Remembering the Santa Fe Japanese Internment Camp

It’s a part of New Mexican history that few are aware of and no one talked about at the time. According to the Department of Justice, from March 1942 to April 1946, the Santa Fe Internment Camp held 4,555 men of Japanese ancestry. After the bombing of Pearl Harbor in December 1941, the US Government arrested and imprisoned thousands of Japanese-American men branding them “dangerous enemy aliens.” Incarcerated without trial, they were forced to leave behind their families along with everything they knew and loved.

Professor of Literature Gail Okawa, renowned photographer Patrick Nagatani, and southwestern artist Jerry West share their family’s stories about the Santa Fe camp. Highlighted are original family photographs along with rare photographs of the camp loaned by Brian Minami of manymountains.org. Featured is Japanese flute music performed by Andrea McQuate.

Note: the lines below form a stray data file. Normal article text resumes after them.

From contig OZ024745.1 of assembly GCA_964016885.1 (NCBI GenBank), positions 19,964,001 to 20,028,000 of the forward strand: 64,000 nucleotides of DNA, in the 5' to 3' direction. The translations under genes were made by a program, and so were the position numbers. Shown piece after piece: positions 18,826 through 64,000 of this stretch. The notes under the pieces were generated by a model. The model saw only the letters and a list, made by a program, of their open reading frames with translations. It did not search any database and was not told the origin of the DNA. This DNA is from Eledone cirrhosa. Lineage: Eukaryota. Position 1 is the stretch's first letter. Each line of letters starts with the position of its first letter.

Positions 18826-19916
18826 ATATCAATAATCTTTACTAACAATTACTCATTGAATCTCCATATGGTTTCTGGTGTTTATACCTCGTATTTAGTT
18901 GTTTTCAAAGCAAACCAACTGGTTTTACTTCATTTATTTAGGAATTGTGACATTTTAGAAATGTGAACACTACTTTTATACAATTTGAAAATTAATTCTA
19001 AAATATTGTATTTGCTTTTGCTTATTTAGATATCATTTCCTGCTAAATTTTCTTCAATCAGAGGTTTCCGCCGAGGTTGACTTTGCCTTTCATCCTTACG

LESSON PLAN (PDF)

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